At the same time, you need to leverage your strengths. What does your company have to offer that your competitors don’t? Are you communicating this clearly enough? What are your top products or services for bringing in revenue? Are you clearly signposting people to information about these solutions on your website?

4. Prioritise

In a HubSpot webinar on developing a growth marketing strategy, Sujan Patel, co-founder of Mailshake & Web Profits, suggests using the Bullseye Framework to help you prioritise what to test.

The framework is broken down into three rings:

  • The outer ring contains what’s possible - all your prospective opportunities from new or existing channels, e.g. email marketing, social media marketing, blogging, podcasts etc.
  • The middle ring focuses on what’s probable - the channels with potential to gain traction that you haven’t fully focused on growing yet
  • The inner ring outlines what’s working - the top three channels with the highest potential for gaining traction for your business

As Sujan explains, “If your main focuses (in the middle of the ring) don't align with the channels that are working for you once you've analyzed the data, it's time for a rethink. Focusing on proven top tactics is vital.”

5. Inspire a growth mindset from the rest of the organisation

The final part of developing a growth marketing mindset is getting the rest of your organisation on board. You need your Sales and Support teams in particular to be excited about getting creative and experimenting. They will be talking to customers all the time, and the feedback they’re getting could lead to new, great ideas.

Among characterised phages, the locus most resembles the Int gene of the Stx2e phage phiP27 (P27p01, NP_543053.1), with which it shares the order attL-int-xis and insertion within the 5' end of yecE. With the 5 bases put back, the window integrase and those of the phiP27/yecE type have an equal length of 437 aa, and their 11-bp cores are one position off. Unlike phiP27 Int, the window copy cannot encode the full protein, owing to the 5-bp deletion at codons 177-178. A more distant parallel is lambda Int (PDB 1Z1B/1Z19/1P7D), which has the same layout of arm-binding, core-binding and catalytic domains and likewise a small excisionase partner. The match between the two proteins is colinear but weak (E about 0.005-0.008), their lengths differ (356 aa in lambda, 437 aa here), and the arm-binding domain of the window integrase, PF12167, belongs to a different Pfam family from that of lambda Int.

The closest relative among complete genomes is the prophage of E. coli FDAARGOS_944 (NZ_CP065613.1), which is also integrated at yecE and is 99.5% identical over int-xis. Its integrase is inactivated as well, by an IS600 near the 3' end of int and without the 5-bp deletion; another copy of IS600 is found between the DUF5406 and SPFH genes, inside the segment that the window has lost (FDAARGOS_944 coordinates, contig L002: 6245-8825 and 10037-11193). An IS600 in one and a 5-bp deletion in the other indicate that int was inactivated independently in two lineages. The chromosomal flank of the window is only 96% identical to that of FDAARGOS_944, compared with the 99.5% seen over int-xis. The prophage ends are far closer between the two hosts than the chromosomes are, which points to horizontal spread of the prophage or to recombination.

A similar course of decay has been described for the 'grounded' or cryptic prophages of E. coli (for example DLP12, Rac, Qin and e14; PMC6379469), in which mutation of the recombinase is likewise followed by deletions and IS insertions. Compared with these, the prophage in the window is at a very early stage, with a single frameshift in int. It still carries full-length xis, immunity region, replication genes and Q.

Tips for success

Be bold

Being bold and creative is what will set you apart from your competitors.

Neil Downling, vice-president of global integrated marketing at professional services firm Genpact, says B2B companies need to think with a challenger mindset to maximise their impact. At Genpact, disruption has become part of the marketing team’s psyche and people and are prepared to take bold and brave decisions.

Embrace failure

If you’re going to take bold and brave decisions, you need to embrace failure too. As not every experiment is going to end in success. The trick is to figure out fast when something isn’t working so you can learn from it and change tact. The best growth marketers are able to think on their feet and flex and adapt their approach when needed.

Measure everything

Growth marketing is about looking at data and driving insights from that data back into the business. To get that critical data, be sure to measure everything you are doing.

Be agile

Instead of building long-term project plans, adopt an agile methodology and break down your marketing activity into shorter monthly and quarterly ‘sprints’ with goals. This will help keep you on track to make decisions based on data rather than hunches.

B2B marketing isn’t easy at the best of times. The buyer’s journey is often long and complex with multiple decision makers involved. Most of the people who visit your website won’t yet be ready to buy. And marketing technology is evolving quickly.

But by adopting a growth marketing mindset, with each experiment and iteration you will get closer to a comprehensive strategy that will help you to achieve your goals at every stage of your funnel. Now more than ever, B2B marketers need to challenge the status quo and look out for new opportunities to engage and build their audience.

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Published by Katie Hughes April 8, 2020
Katie Hughes